Building The Collaborative BCI-CAN Network: Group Discussions
How to Synchronize Technical Advancements Across the BCI-CAN
To create a unified coalition across pediatric research sites, it was deemed important to outline goals that guide our teams concerning technological advancements and data sharing. A primary aim was to identify which mechanisms could be leveraged to push research forward at each site quickly while maintaining enough similarity to promote easy sharing of resources, methods, and knowledge across sites. Participants discussed establishing common BCI hardware at each site to facilitate multi-site studies and increase the number of clients that could be engaged in a single research study with standardized methods. Also, it was proposed to create a multisite ethics application to reduce the amount of time spent on gaining ethics board approvals for multi-site studies. Through seeking multi-site ethics approval, the collaboration will reduce the amount of time spent on individual research ethics applications for proposed collaborative studies. Developing data and code repositories were also considered to encourage sites to build upon each other’s progress, promoting open science, reproducibility, and large datasets amenable to advanced analytic techniques. Finally, establishing effective communication channels for cross-site updates was deemed important to strengthen the coalition and encourage collaboration.
Of particular interest was the topic of which technology (hardware/software/approaches) would need to be common across sites and which BCI technology might be more flexible. Participants agreed it was imperative to match the quality of signal acquisition for BCI across sites, but not necessarily exact amplifiers or BCI brand names. For example, if each site has a medical-grade EEG system, but these were produced by different manufacturers, the quality should remain comparable enough for multi-site data collection. Consistent data quality would allow the network to share BCI algorithms and progress their development and evaluation. Legal agreements would need to be put in place before sharing such codes and data but were not considered a significant barrier. The development of a representative coalition was proposed to institute channels for communication and sharing of information across the network.
Promoting the Next Generation of Pediatric BCI Researchers
A trainee “pre-conference” meeting was held to generate discussion and gain insights into the key topics important to trainees and early-career researchers interested in pursuing pediatric BCI technology and applications. The trainees developed their thoughts through a series of brainstorming sessions in the form of small-group discussions on designated topics. This environment provided space for these researchers to contribute suggestions for realizing the multi-site collaboration and to express their opinions on key related topics. The most prevalent suggestions are summarized in Table 1.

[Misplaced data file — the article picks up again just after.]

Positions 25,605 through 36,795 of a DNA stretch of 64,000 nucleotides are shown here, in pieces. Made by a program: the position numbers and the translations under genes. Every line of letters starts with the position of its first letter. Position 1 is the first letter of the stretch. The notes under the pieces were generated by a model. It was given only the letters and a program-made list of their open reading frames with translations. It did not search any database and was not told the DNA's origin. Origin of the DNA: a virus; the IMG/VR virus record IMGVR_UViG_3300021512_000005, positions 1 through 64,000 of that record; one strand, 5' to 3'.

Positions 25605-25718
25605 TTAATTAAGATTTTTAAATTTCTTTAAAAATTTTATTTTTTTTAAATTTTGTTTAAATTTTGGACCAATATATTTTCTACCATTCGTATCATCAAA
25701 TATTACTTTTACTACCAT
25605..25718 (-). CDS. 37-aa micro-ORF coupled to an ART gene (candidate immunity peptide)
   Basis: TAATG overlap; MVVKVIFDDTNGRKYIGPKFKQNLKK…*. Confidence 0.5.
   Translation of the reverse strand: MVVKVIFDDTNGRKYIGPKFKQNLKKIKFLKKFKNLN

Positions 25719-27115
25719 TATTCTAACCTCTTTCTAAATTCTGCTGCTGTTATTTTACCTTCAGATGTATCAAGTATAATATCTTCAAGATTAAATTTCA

One important outcome in supporting the next generation of trainees is to promote standardization in scientific practice and BCI implementation across all network members. To promote such scientific unity, senior trainees put together a series of online workshops from early April to June 2020 focused on foundational topics in BCI. These workshops were developed with the primary goal of facilitating trainee learning across the network (Table 1; column 2) during the COVID-19 pandemic. The topics included a general introduction to BCI, an in-depth dive into currently available hardware including systems currently used at each center, and a technical introduction to processing EEG signals. Additional workshops were held to provide trainees an essential understanding of the MATLAB and Python coding languages. These workshops will be repeated annually, with additional workshops added if they can effectively support skill development and standardization across the network.
Growing the Network: Opportunities and Pathways to Build Better Pediatric BCI
Each current site affiliated within the BCI-CAN network has unique strengths to contribute to the collaborative network. Holland Bloorview’s research in furthering BCI from a biomedical engineering perspective is providing key developments in various signal acquisition and processing modalities and is now complemented by a parallel clinical program. ACH’s clinical orientation is emphasizing patient-centered care and research within an environment experienced in applying advanced neurotechnologies in experimental clinical trials. Glenrose’s focus on the integration of BCI within their wide breadth of clinical assistive technologies for AAC is leading to new implementation schemes for less experienced BCI users and teams. To grow as a network, we will utilize and expand these respective existing strengths to support individual and collaborative projects spanning across the network. To support collaborations and growth, monthly meetings are held with attendance from the network as a whole. Also, more niche communications within and between each program are held to discuss ways to best support collective goals at the sites. Such meetings can include engineering teams (e.g., members focused on BCI software and hardware development) or clinical teams (e.g., members focused on user experience and BCI implementation). The primary goal for the collective network over the coming years is the establishment of structured BCI programs at each site with clear pathways for support across sites.